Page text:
Step 4: Establish clear expectations

At the beginning of, and throughout the school year, establish and communicate clear expectations for students’ classroom behaviour. Take the time to ensure that all students understand them and are aware of the boundaries and consequences of misbehaviour.

  • Make them visible: Display these expectations prominently so that no-one can say that they didn’t know what was expected of them.
  • Be consistent: Apply the established rules and consequences consistently, regardless of the student or situation. This helps to maintain order and reinforces the importance of adhering to the agreed expectations.
  • Address disruptions promptly: Address any disruptive behaviour immediately and directly. Don’t allow situations to linger and escalate.


Step 5: Implement positive reinforcement

This can be a powerful tool for encouraging desired behaviour and discouraging disruptive actions.

  • Acknowledge and praise positive behaviours: Whenever the student exhibits positive behaviour, acknowledge and praise their actions promptly and specifically. Try to find the time to celebrate the student’s achievements and progress, both academic and behavioural.
  • Implement a reward system: Simple yet effective, rewards for students do help to reinforce positive behaviours. Make it appropriate to your school and to your students, but they could involve a simple point system, verbal rewards, or more tangible rewards such as small prizes.


Step 6: Utilise differentiated instruction

Differentiated instruction caters to the diverse learning needs of all students, including those who are displaying problematic behaviours. 

  • Try different teaching methods: Challenging students sometimes need a different approach to a traditional “sage on a stage” teaching method. Why not try more hands-on activities, games, authentic language materials, digital technologies and focus on more collaborative and communicative learning tasks?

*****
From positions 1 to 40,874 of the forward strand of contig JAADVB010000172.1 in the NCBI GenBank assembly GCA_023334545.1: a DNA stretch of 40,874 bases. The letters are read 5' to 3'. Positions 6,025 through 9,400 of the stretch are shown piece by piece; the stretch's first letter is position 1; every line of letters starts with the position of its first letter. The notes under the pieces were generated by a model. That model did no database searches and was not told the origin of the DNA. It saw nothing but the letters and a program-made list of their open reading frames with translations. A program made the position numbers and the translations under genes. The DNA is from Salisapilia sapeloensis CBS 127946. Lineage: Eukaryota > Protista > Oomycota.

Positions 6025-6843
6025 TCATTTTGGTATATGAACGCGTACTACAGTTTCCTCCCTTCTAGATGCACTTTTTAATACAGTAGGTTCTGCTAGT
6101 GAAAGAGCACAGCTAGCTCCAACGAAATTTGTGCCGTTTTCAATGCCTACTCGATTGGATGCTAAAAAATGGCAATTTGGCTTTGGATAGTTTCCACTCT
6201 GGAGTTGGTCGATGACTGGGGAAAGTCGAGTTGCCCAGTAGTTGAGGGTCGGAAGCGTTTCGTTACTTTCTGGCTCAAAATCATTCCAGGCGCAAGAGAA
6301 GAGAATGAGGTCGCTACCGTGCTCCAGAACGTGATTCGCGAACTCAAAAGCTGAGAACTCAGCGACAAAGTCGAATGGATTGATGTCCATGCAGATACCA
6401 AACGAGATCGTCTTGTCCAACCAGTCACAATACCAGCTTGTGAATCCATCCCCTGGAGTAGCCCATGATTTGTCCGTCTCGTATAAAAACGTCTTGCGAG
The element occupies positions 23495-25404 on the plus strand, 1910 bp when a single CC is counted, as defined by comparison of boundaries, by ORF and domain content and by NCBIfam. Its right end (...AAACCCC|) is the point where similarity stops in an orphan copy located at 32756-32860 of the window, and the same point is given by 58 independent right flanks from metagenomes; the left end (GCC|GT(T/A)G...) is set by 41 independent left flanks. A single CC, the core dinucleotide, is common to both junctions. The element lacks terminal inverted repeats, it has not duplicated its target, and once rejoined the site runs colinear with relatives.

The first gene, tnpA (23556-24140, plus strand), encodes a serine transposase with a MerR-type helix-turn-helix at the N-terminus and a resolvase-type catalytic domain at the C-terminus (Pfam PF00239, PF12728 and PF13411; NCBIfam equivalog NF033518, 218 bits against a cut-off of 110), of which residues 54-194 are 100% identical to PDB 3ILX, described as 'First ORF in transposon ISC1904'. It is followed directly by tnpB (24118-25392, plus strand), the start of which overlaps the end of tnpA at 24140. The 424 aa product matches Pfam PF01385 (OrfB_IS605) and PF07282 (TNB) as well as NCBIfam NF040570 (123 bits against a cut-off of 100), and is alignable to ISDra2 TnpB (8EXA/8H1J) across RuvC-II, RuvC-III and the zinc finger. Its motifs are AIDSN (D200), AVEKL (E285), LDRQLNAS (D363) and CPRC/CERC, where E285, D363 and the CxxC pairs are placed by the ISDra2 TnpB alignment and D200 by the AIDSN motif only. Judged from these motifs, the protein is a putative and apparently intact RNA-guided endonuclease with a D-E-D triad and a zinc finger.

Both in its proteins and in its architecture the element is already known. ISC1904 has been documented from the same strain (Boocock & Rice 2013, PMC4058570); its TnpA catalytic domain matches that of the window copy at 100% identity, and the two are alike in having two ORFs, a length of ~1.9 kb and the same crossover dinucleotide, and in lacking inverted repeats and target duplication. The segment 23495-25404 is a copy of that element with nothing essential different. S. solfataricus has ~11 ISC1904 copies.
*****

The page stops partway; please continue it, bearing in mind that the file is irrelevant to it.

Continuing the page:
• Personalised learning plans: Adapt your teaching materials and activities to meet the individual needs and learning pace of the student. Consider whether you can better scaffold the learning content to help them to access and engage with the curriculum.
  • Offer alternative assessment options: Give the student the opportunity to demonstrate their understanding in a way that suits their strengths and learning preferences. Perhaps they could type a written response rather than write it or maybe even give their answers in a video or a TikTok?


Step 7: Collaborate with colleagues and support staff

Remember, you’re not on your own in dealing with challenging behaviour. Every school should have a clear behaviour policy and support will be available to implement and reinforce that. Don’t hesitate to seek support from colleagues and support staff when tackling challenging student behaviour. 

  • Seek guidance from experienced colleagues: Share strategies, insights and potential solutions with colleagues who’ve successfully tackled similar behaviour challenges before.
  • Work with the experts: School counsellors or psychologists can offer invaluable support in understanding what’s happening and highlighting ways to address each   student’s challenges.
  • Engage with caregivers: Maintain open communication with parents or guardians, keeping them informed about the student’s progress and any interventions being implemented.

Every teacher will experience challenging student behaviour in their classroom. The vast majority find ways to address it and to solve it. Like their students, educators are also on a learning journey and will be continuously growing and developing as teachers over time. 

A key part of that process requires regular reflection on your teaching practice, carefully considering what works and what can be improved. Being open to adapting your classroom practice is vital to meet the evolving needs of your students and can be a great way to anticipate challenging behaviours before they even appear. Listening to feedback from colleagues and students can be particularly powerful in directing that journey. Good luck!